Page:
The Israeli army said Wednesday that it has captured its most-wanted PLO guerrilla, the commander of the Black Panthers group that was behind scores of killings in the Israeli-occupied territories.
The arrest of Ahmed Awad Ikmail and five of his men, at a hide-out near his hometown of Kabatiya in the occupied West Bank, brought immediate complaints from Palestine Liberation Organization leaders that Israel was violating the spirit of the peace agreement signed Sept. 13.
Ziad abu Zayyad, a leader of the PLO’s mainstream movement Fatah, told a news conference, “The operation carried out last night . . . is a provocation and an attempt to create a tense atmosphere on the eve of the agreement’s entry into effect.”
In fact, the arrests did not appear likely to create any major disruption as PLO leaders prepare for the first stage of Palestinian self-rule in Gaza and the West Bank town of Jericho, to take effect in mid-October.
But they did point up the many possible pitfalls of the PLO-Israeli agreement, which was concluded in some haste and left a great many unanswered questions about how the occupied territories will be run.
PLO leader Yasser Arafat has issued orders for all Fatah terrorist actions against Israelis to cease, and the Black Panthers, along with other PLO military cells, had reportedly agreed. But Israel, which had been hunting Ikmail for years, nonetheless maintained that it has the right to pursue and capture PLO fugitives accused of killings.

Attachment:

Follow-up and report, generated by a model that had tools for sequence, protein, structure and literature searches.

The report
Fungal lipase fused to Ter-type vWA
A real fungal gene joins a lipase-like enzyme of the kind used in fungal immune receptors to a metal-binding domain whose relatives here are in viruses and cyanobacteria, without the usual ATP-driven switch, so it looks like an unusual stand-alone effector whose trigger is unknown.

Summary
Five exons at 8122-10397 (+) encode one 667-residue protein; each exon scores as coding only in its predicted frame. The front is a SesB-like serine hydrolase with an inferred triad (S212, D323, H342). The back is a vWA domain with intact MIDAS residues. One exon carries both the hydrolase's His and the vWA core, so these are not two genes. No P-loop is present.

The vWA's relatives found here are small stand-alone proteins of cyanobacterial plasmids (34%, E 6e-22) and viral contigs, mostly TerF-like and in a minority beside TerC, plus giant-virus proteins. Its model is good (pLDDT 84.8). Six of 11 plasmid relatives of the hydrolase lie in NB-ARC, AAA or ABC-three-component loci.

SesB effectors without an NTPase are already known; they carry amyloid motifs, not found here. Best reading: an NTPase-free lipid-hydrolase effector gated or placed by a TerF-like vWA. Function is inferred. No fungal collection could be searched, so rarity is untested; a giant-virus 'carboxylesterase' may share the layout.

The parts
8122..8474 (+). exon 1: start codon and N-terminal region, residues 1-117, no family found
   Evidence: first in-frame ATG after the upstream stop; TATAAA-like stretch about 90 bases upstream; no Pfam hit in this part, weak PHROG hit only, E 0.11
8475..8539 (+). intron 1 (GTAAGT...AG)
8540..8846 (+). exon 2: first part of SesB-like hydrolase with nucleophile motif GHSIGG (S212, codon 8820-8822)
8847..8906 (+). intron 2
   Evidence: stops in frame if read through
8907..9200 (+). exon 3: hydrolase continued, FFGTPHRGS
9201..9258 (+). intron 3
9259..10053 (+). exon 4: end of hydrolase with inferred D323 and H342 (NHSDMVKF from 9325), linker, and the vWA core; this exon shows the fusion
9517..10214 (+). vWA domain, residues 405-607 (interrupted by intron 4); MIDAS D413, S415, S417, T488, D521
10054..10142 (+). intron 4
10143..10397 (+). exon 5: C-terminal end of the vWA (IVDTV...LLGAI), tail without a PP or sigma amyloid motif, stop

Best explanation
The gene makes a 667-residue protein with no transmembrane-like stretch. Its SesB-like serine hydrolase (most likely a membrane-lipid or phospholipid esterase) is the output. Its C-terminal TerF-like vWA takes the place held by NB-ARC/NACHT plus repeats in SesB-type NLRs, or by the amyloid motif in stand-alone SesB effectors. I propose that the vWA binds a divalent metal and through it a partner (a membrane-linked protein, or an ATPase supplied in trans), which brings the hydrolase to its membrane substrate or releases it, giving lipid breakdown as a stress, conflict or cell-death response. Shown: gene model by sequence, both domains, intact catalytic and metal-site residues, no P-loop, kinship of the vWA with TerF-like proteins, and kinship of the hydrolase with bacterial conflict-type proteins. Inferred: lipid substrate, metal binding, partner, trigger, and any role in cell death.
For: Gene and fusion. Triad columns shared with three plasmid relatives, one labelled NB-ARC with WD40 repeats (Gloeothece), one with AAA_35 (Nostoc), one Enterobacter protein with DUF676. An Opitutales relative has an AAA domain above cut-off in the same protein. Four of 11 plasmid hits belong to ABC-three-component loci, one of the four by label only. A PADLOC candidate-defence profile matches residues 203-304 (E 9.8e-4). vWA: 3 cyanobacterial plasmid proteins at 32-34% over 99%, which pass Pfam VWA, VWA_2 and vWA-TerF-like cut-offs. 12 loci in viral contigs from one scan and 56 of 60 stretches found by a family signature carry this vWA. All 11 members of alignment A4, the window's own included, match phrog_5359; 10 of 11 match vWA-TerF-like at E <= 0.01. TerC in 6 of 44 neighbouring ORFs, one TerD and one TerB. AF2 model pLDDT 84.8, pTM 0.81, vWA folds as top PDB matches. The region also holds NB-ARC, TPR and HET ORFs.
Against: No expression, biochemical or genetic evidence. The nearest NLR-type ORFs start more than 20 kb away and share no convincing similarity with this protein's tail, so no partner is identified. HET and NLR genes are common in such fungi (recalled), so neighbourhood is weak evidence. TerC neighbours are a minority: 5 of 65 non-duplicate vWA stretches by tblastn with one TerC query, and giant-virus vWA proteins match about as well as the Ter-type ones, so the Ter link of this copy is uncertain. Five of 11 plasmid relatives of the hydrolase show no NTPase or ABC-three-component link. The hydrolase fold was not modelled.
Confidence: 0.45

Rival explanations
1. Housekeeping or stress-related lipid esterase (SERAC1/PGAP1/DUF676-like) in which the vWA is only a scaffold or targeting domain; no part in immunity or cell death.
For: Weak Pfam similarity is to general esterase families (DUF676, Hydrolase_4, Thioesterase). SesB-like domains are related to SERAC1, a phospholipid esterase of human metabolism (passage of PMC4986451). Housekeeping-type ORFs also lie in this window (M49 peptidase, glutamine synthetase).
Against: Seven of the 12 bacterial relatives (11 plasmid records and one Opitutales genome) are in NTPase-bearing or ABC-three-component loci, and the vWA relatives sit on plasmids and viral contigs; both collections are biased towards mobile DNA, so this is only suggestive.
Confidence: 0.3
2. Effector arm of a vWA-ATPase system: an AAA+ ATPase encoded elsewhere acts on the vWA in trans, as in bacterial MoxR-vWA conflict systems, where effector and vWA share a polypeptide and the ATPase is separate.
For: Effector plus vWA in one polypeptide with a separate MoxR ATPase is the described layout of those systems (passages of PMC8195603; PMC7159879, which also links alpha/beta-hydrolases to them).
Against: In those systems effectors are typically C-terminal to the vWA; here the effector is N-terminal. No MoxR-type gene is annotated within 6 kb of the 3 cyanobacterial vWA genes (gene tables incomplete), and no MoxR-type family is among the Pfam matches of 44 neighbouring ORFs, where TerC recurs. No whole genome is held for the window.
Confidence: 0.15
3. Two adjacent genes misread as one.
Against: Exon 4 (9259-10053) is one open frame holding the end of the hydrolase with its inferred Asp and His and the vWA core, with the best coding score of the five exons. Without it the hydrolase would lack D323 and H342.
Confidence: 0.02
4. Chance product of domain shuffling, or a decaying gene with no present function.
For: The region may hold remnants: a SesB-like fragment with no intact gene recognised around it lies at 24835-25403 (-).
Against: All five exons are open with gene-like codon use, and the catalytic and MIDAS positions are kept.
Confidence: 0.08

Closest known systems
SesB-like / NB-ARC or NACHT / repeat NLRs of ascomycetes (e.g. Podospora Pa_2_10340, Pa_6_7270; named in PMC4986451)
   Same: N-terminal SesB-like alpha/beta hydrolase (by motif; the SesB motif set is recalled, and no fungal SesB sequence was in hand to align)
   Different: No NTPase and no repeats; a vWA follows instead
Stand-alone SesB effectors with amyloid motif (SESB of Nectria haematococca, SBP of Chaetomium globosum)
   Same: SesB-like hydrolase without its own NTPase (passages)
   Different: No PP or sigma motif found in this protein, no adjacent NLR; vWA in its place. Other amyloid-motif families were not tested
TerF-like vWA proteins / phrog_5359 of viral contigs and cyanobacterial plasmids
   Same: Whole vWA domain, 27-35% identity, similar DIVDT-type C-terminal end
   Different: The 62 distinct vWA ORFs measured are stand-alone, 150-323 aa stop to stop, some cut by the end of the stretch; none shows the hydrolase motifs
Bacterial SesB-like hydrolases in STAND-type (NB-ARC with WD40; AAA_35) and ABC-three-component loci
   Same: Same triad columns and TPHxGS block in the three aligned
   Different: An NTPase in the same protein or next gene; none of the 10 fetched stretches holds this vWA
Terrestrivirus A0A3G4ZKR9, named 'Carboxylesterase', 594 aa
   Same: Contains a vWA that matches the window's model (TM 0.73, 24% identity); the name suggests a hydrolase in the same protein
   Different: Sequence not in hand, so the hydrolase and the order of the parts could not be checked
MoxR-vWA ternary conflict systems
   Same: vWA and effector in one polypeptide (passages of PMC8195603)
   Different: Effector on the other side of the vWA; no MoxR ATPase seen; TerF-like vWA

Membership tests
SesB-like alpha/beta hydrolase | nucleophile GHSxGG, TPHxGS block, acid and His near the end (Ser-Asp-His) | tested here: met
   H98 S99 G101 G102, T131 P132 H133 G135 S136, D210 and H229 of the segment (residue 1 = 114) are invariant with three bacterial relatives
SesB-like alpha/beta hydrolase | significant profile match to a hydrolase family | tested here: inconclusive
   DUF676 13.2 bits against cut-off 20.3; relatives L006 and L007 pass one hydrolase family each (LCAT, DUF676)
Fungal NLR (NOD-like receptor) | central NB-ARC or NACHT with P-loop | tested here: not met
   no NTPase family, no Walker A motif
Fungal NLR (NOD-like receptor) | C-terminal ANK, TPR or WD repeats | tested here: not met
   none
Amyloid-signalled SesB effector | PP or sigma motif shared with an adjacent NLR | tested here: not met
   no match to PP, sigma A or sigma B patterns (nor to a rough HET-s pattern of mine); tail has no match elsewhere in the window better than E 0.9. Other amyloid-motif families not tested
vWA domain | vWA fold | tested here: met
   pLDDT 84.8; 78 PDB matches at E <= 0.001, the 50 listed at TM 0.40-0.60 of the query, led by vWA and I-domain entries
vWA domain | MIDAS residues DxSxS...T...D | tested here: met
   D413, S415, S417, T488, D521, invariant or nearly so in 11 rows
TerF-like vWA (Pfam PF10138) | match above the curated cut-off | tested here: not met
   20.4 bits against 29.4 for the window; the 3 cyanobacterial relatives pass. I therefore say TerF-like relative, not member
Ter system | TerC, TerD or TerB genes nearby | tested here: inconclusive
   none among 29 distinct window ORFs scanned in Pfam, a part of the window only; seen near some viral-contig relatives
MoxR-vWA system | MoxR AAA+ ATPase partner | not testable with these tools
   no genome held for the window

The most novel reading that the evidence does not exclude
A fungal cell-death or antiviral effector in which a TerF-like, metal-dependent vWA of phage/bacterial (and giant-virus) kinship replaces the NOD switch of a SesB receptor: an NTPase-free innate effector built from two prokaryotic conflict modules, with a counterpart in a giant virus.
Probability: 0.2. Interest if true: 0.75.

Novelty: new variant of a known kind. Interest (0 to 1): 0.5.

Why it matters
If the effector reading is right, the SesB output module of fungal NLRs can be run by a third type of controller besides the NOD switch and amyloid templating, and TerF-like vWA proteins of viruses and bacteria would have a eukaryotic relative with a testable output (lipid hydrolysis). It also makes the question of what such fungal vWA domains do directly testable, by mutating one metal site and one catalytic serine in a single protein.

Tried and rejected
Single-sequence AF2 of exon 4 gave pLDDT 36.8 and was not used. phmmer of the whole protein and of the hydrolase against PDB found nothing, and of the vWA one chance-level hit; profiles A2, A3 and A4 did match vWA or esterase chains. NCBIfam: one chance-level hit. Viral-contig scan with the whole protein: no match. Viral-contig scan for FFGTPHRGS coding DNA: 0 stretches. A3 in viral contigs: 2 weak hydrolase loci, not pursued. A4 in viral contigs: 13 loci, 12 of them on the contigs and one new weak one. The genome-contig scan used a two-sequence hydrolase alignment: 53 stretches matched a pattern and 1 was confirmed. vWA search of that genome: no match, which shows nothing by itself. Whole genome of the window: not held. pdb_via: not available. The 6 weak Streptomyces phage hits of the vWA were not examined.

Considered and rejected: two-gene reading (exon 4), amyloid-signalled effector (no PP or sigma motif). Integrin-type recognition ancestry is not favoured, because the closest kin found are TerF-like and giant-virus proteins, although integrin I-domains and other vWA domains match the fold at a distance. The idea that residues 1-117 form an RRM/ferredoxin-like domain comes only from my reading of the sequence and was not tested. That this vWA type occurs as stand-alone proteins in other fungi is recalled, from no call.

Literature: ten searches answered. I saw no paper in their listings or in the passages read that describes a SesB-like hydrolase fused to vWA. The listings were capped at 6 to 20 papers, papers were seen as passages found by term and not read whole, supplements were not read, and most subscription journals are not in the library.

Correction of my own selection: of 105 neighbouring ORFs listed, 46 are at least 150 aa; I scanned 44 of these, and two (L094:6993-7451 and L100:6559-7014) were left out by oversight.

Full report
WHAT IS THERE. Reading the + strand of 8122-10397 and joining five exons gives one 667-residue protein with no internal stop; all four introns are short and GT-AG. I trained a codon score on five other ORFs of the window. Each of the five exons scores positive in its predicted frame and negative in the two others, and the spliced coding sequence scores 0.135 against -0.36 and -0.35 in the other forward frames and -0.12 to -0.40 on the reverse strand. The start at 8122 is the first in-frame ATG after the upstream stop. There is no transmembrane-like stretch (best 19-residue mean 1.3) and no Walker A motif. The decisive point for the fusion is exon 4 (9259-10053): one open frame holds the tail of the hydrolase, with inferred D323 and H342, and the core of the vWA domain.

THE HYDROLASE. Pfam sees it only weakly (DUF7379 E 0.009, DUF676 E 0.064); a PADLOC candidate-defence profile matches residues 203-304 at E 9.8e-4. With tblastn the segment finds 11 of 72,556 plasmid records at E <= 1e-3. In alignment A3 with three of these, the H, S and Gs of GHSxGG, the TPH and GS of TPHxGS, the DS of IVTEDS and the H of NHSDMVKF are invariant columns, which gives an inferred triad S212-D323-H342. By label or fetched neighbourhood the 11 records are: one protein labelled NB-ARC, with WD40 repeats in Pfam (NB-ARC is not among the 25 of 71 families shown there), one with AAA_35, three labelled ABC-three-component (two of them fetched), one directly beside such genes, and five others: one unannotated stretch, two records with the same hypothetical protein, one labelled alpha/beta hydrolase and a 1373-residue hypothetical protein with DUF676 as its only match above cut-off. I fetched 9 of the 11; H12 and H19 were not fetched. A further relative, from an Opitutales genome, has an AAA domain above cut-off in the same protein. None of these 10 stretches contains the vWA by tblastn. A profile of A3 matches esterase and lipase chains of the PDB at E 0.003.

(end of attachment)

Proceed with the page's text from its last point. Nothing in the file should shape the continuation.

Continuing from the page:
“Fatah has now decided to stop using its arms against Israel; Israel must likewise stop using its arms for pursuing these soldiers,” said Sari Nusseibeh, a PLO leader in the territories. “Those people who were arrested must be treated as prisoners of war.”
The Black Panthers are considered among the most violent of the PLO subgroups. They originated in the West Bank town of Nablus, young men intent on using more powerful weapons than the stones and Molotov cocktails typically used in the intifada, the Arab uprising against Israeli occupation.
For the last three years, they have dominated the hills around the town of Janin, controlling some areas and meting out their own form of justice--interrogation, torture and death--to Palestinians they suspected of collaborating with Israeli authorities.
Although they concentrated on collaborators, the Black Panthers also were believed to have killed several Israelis and to have waged attacks on Israeli army bases.
The army accuses Ikmail, in his 30s, of being behind the slayings of an Israeli soldier and at least three civilians and of personally killing about 20 collaborators.